Thugs cause chaos

2010-08-18 00:00

PUBLIC servants disrupted work at government offices across the city yesterday, pepper-spraying court corridors and trying to compel working staff to abandon their work.

The unions were not officially on strike yesterday, but this did not stop the protesters.

In some departments civil servants who were at work were allowed to go home early for fear of continued threats.

Police blockaded different parts of the busy central business district as members of the SA Democratic Teachers’ Union (Sadtu) clad in red and green Sadtu T-shirts took over the streets. They moved to different Education Department buildings, singing insulting songs about Public Service and Administration Minister Richard Baloyi.

The march followed a Sadtu meeting at Northdale attended by teachers, subject advisers, school inspectors, administration personnel and security guards, among others.

Things got heated in an Education Department office in the Old Mutual building in Langalibalele Street as the strikers, who had started singing peacefully outside, stormed inside and demanded that the staff working there come out. The non-striking employees locked themselves in.

Dirty water gushed from the ceiling, apparently from a burst pipe, flooding the third floor. It is not clear whether the strikers had a hand in this.

In another Education Department office in Pietermaritz Street, a large crowd tried to push through a glass door which security guards had locked from the inside, resulting in damage.

When the crowd could not break in, the strikers used a chain to lock the doors from the outside. Members of the Msunduzi Fire Department had to be called in and used a bolt cutter to break through the chain.

Police spokesperson Warrant Officer Joey Jeevan confirmed the incident. She added that placard-carrying teachers staged pickets outside schools across the city, but that no violence was reported.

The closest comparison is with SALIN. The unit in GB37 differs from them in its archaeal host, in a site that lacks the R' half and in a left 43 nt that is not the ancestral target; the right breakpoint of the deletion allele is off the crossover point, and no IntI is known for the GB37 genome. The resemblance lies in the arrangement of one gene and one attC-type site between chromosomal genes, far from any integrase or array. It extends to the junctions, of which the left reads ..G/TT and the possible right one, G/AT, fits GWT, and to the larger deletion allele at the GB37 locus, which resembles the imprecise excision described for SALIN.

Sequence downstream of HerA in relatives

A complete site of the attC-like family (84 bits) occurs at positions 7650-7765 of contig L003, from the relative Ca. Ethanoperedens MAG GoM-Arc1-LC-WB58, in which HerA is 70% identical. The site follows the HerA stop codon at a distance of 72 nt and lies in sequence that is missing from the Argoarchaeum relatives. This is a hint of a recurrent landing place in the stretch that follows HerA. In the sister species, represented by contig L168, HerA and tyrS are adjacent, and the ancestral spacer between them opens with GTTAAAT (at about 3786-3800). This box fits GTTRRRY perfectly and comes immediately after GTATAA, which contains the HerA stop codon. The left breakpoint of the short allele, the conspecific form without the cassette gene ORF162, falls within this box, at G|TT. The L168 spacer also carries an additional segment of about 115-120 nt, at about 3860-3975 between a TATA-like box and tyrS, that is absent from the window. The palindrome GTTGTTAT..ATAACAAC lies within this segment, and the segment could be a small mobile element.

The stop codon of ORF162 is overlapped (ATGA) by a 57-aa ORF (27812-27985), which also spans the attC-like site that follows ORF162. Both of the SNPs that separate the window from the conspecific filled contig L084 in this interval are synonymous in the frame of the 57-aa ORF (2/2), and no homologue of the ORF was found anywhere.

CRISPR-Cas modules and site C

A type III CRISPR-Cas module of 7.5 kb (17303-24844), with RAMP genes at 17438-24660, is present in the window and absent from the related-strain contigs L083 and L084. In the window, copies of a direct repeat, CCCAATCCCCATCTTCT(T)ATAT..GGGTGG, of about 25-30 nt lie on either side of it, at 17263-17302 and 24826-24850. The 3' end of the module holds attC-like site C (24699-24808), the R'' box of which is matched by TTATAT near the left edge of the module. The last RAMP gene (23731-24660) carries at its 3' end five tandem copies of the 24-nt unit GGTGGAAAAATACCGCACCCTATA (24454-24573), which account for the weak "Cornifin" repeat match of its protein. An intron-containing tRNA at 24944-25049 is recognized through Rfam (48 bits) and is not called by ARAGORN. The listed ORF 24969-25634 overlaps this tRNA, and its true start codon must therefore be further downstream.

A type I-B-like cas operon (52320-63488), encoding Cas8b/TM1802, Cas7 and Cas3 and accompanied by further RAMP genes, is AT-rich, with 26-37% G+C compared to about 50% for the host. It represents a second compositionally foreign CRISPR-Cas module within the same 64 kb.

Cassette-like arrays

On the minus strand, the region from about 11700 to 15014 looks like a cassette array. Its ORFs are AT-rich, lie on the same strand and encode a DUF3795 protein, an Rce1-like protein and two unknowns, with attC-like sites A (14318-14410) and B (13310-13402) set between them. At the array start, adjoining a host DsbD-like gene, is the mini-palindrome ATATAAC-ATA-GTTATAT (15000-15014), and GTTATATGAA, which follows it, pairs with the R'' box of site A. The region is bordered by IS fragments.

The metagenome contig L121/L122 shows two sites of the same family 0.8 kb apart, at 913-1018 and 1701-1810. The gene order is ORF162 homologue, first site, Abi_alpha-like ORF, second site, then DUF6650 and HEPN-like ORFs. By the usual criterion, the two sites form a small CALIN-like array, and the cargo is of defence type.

The day’s pickets culminated with a final stop outside Msunduzi’s Bessie Head Library, where the Sadtu strikers joined forces with National Health and Allied Workers’ Union (Nehawu) members.

Nehawu’s regional chair, Themba Bekwa, told The Witness that yesterday was about mobilising people in preparation for today’s full strike.

“There is no going back,” Bekwa told the crowd. He encouraged the strikers to start the strike off today by visiting government offices and schools to ensure that there is a total shut- down of services.

He later told The Witness that this was necessary in order for the strike to have an impact so that it is not prolonged as was the case in 2007.

“While they have a right not to strike, the reality is everyone wants the 8,6% increase. Our intention is to close down services delivery completely. In order to achieve that goal we need solidarity. It can’t be business as usual.”

Sadtu leaders in the province are expected to meet before advising on a plan of action.

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